Billing is done generally the day after the meters are read. Payments are due on the 21st of every month regardless of what day of the week this falls on. A ten percent penalty is added on the 22nd of each month on all past-due accounts. You can mail your payment to the City of Belle Plaine, 218 Meridian St N, PO Box 129, Belle Plaine, MN 56011, use the drop box outside of the front door at City Hall, or  pay your bill online .

Where is my main water shut-off?

Your main water shut-off is usually located in the basement or utility room.  It is important to know where your water main enters your home because this is also where the water meter is located.  

Where is my water shut-off curb stop?  

Your water shut-off is usually located within the right-of-way in front of or on the side of your home. 

How do I know if I have a leak?

You cannot always tell if you have a leak or what may be causing high usage. During the summer, keep in mind that you may water your yard, fill a pool, or use a sprinkler system. If you believe you have a higher than normal usage, try and take a reading of your meter before going to bed and then first thing in the morning. If you didn’t use the toilet or any other water sources during the night, the meter should read the same. Take into consideration that your water softener may be set to regenerate during the night. You can try and set it to regenerate once a week and then use an alternate night. Report any unusual water usage to utilities by calling 952-873-4644 or email utilities.  You may request an appointment to check your meter.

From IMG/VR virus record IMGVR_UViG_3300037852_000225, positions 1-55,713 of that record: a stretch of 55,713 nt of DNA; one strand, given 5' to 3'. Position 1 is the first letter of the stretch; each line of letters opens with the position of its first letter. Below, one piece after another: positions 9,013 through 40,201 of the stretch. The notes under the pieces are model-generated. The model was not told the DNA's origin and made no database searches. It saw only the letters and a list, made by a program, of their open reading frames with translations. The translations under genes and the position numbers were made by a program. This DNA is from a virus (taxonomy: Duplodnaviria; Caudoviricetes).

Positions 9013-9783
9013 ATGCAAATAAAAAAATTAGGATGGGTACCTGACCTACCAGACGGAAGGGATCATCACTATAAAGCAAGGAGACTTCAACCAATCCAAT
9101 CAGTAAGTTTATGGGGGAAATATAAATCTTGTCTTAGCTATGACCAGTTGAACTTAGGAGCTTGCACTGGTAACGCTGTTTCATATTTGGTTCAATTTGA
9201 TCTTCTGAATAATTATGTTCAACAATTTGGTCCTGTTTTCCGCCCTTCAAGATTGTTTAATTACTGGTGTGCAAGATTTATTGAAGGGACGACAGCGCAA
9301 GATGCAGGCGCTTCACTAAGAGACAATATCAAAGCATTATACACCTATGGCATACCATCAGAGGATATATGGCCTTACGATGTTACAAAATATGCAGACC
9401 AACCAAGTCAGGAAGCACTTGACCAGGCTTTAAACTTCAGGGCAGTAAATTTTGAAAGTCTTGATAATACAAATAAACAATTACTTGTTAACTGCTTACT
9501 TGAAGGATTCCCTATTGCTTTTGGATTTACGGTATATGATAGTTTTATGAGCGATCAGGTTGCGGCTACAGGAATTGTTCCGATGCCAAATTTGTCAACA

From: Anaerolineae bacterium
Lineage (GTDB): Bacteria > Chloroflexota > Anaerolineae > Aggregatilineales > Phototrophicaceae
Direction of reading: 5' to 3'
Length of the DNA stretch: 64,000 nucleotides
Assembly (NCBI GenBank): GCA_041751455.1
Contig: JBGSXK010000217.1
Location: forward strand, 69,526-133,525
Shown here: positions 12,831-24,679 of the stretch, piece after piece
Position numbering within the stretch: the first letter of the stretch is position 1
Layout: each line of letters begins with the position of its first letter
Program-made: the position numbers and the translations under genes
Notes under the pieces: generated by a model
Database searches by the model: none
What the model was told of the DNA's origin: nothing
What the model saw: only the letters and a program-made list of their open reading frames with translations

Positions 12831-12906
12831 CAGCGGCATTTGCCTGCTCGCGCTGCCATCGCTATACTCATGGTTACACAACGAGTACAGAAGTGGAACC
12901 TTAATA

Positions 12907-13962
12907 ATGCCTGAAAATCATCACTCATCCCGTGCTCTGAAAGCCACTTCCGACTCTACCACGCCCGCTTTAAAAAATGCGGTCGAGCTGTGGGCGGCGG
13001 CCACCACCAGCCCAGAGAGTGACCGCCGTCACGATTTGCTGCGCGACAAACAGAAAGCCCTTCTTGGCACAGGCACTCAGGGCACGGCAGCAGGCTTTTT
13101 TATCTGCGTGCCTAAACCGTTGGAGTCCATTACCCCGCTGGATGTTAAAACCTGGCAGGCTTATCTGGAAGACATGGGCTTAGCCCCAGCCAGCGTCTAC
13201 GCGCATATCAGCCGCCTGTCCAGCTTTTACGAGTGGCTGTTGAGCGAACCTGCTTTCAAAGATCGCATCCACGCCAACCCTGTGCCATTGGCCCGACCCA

You can also try and find an alternate reason for high water usage by consulting the 12 most common reasons below:

12 Reasons for a High-Water Bill

  1. Leaky/Running Toilets: Toilets account for about 31 percent of the indoor water use for the average American home. It shouldn’t come as a surprise, then, that they pose a major leak risk. A running or leaky toilet can waste to up a staggering 6,000 gallons per month and add hundreds of dollars to a water bill.